“I breathe poems,” Angkarn said during one of his last interviews this year. “I do believe that poems can change society for the better. Only people like me are never mistaken that we can do it alone.”
The poet and painter was recognised as one of the greatest of his era. Born in the southern province of Nakhon Si Thammarat on February 13, 1926, Angkarn graduated from the Faculty of Painting, Sculpture and Graphic Arts at Silpakorn University under Professor Silp Bhirasri, the father of Thai modern art.
He was named a National Artist in 1989 (Literature) and won the SEA Write Award for “Panithan Kawee” (The Poet’s Pledge) in 1986. In this much acclaimed work, he describes the power of words: “Poetry should be in every throb of the hearts of all poets. Poets are like the heirs of the sky and earth. Poetry is like a poet’s breath.”
Poets were not ordinary people, he said in one interview. “Since we are born as poets, we have to dedicate our life and soul to it. You give your all to nothing else but poetry. As a poet, your heart is not like the ordinary. If you are a poet, your heart is a poet. Poetry is so important.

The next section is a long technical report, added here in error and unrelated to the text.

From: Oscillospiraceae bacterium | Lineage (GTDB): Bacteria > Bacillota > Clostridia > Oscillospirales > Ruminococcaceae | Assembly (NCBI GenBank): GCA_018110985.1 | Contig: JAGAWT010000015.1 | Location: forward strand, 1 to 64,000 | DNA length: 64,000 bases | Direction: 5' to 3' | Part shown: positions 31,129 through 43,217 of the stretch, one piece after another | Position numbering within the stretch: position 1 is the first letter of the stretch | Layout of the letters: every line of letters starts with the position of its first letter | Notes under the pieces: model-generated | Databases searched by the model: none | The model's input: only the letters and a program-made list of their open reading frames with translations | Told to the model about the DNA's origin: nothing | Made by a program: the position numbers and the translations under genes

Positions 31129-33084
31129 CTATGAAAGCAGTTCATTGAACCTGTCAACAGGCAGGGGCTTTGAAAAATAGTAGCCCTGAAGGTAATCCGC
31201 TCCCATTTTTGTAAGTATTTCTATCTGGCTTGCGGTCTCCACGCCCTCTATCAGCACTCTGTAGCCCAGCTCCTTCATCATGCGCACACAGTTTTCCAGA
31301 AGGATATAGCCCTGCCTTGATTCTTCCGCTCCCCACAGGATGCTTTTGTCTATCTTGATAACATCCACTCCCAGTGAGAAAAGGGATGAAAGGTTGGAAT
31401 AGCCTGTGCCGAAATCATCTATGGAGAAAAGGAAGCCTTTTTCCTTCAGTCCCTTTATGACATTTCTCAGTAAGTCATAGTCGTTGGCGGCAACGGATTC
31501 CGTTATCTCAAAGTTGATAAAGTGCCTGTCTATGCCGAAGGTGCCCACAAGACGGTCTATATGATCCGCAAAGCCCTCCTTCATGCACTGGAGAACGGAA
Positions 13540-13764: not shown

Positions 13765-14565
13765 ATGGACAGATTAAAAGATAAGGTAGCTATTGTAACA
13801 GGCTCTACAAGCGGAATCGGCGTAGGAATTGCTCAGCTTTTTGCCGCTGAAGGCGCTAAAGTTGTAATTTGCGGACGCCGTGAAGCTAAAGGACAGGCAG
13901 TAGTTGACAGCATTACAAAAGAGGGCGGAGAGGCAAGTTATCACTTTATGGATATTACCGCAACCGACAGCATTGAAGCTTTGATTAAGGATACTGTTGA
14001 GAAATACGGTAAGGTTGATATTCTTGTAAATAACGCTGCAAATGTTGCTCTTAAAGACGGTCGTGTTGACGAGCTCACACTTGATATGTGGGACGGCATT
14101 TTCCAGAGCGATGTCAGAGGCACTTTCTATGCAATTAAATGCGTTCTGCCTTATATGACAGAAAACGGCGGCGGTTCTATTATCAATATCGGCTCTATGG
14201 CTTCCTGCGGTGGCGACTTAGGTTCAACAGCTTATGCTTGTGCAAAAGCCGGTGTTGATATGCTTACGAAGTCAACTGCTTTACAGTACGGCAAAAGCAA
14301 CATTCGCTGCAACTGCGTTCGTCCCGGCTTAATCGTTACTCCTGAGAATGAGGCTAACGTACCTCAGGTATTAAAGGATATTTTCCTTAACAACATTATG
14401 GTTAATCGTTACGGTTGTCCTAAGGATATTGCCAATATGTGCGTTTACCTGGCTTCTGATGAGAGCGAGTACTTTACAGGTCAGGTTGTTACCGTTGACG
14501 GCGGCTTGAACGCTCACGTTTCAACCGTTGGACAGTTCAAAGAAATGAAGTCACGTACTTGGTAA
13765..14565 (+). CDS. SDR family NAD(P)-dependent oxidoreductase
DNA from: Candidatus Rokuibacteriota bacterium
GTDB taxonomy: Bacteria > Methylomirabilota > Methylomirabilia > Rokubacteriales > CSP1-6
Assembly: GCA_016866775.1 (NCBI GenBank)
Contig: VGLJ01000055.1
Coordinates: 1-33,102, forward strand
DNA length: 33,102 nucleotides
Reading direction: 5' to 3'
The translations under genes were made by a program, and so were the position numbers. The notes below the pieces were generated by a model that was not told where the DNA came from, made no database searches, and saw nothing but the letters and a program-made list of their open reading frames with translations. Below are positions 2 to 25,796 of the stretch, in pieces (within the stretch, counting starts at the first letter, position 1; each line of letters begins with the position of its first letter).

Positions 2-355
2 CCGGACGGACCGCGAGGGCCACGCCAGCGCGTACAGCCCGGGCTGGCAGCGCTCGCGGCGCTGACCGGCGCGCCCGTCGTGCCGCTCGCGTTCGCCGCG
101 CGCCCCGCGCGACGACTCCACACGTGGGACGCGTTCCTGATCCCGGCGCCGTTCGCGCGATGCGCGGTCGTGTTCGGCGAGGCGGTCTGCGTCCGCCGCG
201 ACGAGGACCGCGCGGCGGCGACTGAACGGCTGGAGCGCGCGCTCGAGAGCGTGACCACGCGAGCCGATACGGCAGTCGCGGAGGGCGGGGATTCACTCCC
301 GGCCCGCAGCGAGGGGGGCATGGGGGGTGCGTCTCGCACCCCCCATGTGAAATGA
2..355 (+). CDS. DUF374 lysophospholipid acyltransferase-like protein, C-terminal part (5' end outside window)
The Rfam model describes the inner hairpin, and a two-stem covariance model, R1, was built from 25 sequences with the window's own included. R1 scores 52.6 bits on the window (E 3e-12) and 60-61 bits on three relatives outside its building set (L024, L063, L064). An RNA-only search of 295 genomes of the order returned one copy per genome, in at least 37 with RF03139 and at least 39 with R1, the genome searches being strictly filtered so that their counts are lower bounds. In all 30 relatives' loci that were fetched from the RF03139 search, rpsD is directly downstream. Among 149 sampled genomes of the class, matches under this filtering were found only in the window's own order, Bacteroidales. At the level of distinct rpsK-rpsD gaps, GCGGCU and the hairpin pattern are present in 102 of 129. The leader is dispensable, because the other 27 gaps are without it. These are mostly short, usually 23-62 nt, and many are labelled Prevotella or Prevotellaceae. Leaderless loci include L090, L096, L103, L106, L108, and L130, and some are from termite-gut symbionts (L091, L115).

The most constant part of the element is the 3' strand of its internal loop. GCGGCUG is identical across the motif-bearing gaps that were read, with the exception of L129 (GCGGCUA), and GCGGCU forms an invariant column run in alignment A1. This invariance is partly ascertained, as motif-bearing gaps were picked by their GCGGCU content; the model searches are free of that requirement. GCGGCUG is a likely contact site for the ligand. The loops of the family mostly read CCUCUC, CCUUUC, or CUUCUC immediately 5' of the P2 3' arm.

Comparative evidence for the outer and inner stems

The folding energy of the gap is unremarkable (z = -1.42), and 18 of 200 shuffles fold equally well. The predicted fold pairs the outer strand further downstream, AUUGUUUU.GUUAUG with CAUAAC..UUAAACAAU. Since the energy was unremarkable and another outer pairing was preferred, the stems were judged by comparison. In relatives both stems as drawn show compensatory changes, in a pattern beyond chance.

“It’s like you’re losing your way on Mars, and then you find a glass of water. It has charming qualities. It’s like our spirit has experienced the universe for a long time before. Poetry is food for the heart. It is ‘the vitamin’ for the soul.”
He began writing in the late 1950s and was initially criticised for his transgressions of poetic convention and use of unorthodox language. Some of his last pieces of work were politically inspired, reflecting the problems in the deeply divided Thailand. The People’s Alliance for Democracy received his contributions during the antiThaksin campaign.
One of his last poems lashed out at the Yingluck government’s plan to let the United States use the Utapao airbase.
“Poets, first of all, are supposed to be free and love fellow human beings,” he once said. “We are not supposed to take anyone in as a master simply because that person pays us.”
Angkarn was also famous as a painter. He created many highly rated drawings and paintings through his career, including “Prints of Himmapan”. In 1989, Angkhan was finally honoured as a National Artist.
He liked to return to his work and tried to remove any flaw.
“I always go back to refresh my work,” he said. “The only time we can perfect our work is when we are alive. After we die, we can’t climb out of our coffin and change anything.”
The artist survived by a son and two daughters.
His funeral ceremony will be held at Wat Tritosathep at 7pm daily until August 31.